(You’re going to have to put up with these countdown posts for a few more months. Sorry!)
It’s one hundred days till my graduation! What amazes me is not that it’s so close, but rather, how normal it seems that I’m going to be a doctor in three months. Four years ago, I still wasn’t even sure I was going to get into medical school; I hadn’t yet received my first of three acceptances. Once I did get in, I suffered from a touch of “Impostor’s Syndrome,” and was worried that I’d gotten in by accident, that I was going to struggle through medical school, and maybe not fail out, but that I would have taken up a spot that should have gone to some more deserving person.
The year during my application cycle, I read several medical student and resident blogs, and I strongly suspected that I was going to struggle with the first two years (I was a psychology major and only took a few biology class in college), but that I was going to thrive in my clinical years. At the same time, I worried that maybe I was going to start my third year clerkships and realize that actually, I hate this, and I’ve just wasted two years of studying and ~$120K to realize that.
The real attitude change happened after my pre-clinical years. Passing Step 1 (and not just passing, but actually doing okay), and then finishing third year, finally resulted in my feeling like Yes, I deserve to be here, and more importantly, Yes, I can build a satisfying career in medicine.
Third year was hard. I worked long hours, always felt like I needed to be studying more (and was usually right about that), and even though I was in the hospital all day, I often felt useless and confused about my role on the team. And every time I finally figured things out and bonded with my team, it was time to move on to a new rotation. And yet it was amazing in its own way. I got to help deliver babies, and sew and staple and glue people’s skin (and muscle, and connective tissue) back together. I got to drain fluid out of someone’s knee, and stick foley cathers up several urethras. I got to do a lot of things that I will either never do again, or will only do during my intern year. I’ve built the extensively broad foundation of medical knowledge that all doctors start off with, and soon I’m about to begin specializing in the field that I’ll be practicing in for many, many years to come.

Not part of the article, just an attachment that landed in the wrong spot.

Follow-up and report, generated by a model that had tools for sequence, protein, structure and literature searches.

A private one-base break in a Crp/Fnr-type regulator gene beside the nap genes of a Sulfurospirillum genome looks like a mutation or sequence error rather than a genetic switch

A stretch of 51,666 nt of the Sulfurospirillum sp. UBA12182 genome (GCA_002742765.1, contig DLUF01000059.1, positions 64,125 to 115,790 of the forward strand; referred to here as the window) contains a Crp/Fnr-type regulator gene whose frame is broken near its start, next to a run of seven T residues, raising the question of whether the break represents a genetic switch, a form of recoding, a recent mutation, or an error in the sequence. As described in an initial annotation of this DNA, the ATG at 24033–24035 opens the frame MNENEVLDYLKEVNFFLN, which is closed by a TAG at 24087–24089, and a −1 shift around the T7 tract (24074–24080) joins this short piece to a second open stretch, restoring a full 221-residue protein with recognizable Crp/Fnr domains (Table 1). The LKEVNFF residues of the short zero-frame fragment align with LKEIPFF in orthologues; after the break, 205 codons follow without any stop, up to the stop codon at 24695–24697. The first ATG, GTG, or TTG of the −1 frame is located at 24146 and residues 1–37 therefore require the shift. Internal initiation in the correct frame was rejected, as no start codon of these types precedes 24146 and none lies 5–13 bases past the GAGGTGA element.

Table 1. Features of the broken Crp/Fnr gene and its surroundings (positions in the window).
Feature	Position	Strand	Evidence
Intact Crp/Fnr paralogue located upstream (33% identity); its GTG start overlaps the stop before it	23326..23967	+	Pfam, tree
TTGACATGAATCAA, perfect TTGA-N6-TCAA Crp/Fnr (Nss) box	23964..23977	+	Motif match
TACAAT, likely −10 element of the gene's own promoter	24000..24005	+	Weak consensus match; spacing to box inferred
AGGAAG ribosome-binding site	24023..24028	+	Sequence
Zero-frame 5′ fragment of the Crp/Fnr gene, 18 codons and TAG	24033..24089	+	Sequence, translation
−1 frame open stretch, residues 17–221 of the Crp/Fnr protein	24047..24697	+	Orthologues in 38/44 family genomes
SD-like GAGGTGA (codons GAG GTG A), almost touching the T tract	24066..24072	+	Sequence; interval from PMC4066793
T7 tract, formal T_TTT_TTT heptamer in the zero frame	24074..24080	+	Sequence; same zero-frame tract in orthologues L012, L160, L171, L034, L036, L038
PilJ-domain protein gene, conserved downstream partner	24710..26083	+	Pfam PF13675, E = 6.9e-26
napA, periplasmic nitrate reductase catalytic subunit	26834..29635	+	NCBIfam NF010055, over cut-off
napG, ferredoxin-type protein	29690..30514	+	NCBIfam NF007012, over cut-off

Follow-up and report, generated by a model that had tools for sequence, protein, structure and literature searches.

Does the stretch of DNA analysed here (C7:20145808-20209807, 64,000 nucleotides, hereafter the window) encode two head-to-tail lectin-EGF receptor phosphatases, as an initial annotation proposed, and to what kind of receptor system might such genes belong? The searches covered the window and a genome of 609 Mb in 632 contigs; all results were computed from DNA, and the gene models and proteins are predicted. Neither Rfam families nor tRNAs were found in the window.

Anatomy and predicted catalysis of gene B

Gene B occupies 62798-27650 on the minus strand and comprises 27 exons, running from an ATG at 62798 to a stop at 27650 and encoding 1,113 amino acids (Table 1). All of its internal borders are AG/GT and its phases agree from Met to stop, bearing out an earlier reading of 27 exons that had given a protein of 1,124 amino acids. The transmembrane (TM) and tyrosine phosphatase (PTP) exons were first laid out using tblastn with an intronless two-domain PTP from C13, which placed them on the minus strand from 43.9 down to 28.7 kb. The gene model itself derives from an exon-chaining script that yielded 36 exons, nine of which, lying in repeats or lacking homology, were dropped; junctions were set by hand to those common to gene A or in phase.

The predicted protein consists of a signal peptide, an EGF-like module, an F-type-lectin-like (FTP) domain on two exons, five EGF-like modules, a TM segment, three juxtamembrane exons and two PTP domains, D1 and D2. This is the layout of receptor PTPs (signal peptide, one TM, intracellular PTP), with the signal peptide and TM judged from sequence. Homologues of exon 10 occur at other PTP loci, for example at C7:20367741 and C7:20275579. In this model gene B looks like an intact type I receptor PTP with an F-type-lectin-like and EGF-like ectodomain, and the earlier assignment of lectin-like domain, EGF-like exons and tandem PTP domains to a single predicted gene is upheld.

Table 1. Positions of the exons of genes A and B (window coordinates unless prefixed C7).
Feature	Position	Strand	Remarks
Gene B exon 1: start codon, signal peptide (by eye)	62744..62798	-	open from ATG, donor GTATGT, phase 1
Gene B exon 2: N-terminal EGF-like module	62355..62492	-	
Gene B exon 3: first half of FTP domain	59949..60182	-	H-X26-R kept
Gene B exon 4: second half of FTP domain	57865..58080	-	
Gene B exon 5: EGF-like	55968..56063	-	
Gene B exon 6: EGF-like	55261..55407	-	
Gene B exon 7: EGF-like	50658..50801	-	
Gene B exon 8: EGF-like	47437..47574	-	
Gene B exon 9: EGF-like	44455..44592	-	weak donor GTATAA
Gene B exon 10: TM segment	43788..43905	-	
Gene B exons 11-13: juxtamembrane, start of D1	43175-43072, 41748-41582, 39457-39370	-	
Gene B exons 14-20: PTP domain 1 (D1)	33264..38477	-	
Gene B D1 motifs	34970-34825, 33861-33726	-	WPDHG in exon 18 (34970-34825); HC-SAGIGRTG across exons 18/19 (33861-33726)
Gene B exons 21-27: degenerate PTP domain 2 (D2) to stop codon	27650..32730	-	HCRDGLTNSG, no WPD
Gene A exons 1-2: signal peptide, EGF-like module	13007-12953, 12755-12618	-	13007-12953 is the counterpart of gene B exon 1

I remember meeting fourth year medical students when I was a first year and being in awe. Even as a third year, fourth years seemed amazing. How did they know the answer to that question?! They’re only a year ahead of me; how is the knowledge gap so vast? Fourth years seemed so wise, knowing everything from the common causes of fever after surgery, to where to get the better free coffee in the hospital (like the 7th floor patient family lounge and the neurosurgery ICU).
And I have to admit, I do feel a lot more confident these days. I figure out my place on my teams much faster, and I know how I can help. I worked hard throughout third year, and that hard work culminated in an excellent, not just okay, Step 2 CK score, and good letters of recommendation that landed me interviews at several schools I would be very happy to match at.
I remember starting medical school and thinking about how proud of myself I’m going to feel on my graduation day, and yeah, I already do feel proud. Pride is often regarded as a bad thing, and it certainly can be, but right now I’m going to bask in this sense of accomplishment. My education has only just begun, but it has begun, and I’m glad it’s going to continue. Residency is going to be its own challenge, and it’s not going to be the happiest, most relaxed days of my life, but it’s going to be meaningful, and I feel like overall I like my life best when I’m really working toward something.